How informed are your participants? RTI International champions patient-centered consent for clinical trials

RTI brings science-based informed consent tool to market


RESEARCH TRIANGLE PARK, NC— Clinical trial informed consent forms often contain complex medical terminology and are written at a high reading level, which can confuse potential participants, reduce patient adherence to trial procedures, and lead to protracted and expensive recruitment. Some clinical trials are even delayed or suspended because they cannot enroll and retain enough participants, ultimately delaying new medical therapies. RTI International has addressed this challenge with Consenter, a patient-centered interactive informed consent application that solves the problem of clinical trial enrollment by combining communication science with digital, interactive technology.

As a non-profit research institute, RTI is firmly committed to the belief that a more informed participant results in better trials and better science. Unlike other paper-based and visual consent products, Consenter delivers an informed consent that speaks the participant’s language. Instead of reading long forms, patients engage with a customizable on-screen avatar who explains the trial process, describes potential benefits and risks, and asks questions using plain language knowledge assessments. The result is better informed patients who understand and meet their responsibilities in the trial.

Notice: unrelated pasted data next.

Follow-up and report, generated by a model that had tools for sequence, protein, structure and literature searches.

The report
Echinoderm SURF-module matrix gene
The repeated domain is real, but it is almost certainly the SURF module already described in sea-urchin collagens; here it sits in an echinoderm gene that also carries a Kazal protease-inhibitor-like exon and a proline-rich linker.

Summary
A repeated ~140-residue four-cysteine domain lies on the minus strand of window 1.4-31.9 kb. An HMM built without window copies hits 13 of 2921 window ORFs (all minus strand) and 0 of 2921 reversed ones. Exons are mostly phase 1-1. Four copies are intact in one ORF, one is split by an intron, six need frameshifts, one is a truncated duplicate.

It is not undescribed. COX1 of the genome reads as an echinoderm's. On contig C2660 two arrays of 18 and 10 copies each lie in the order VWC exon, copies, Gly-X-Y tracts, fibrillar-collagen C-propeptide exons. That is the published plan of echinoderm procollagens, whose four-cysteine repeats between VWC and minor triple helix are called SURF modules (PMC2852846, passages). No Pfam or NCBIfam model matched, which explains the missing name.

Consenter also delivers all IRB-required elements during informed consent—including the study’s purpose, study procedures, and potential risks and benefits of participation—ensuring consistency across multiple sites, investigators, and institutions. This helps reduce conflicting enrollment procedures and frees site staff to focus on other responsibilities, thus improving trial efficiency and lowering costs.

“Clinical trials are under tremendous pressure to enroll patients quickly,” explains Lauren McCormack, PhD, RTI’s vice president of public health tesearch. “However, if patients don’t truly understand what they’re signing up for, they’re unlikely to stick with the trial and will probably need to be replaced midstream. Consenter focuses on getting the right patients enrolled in the right trials.”

For more about Consenter or to request a demo, visit www.consenter.org.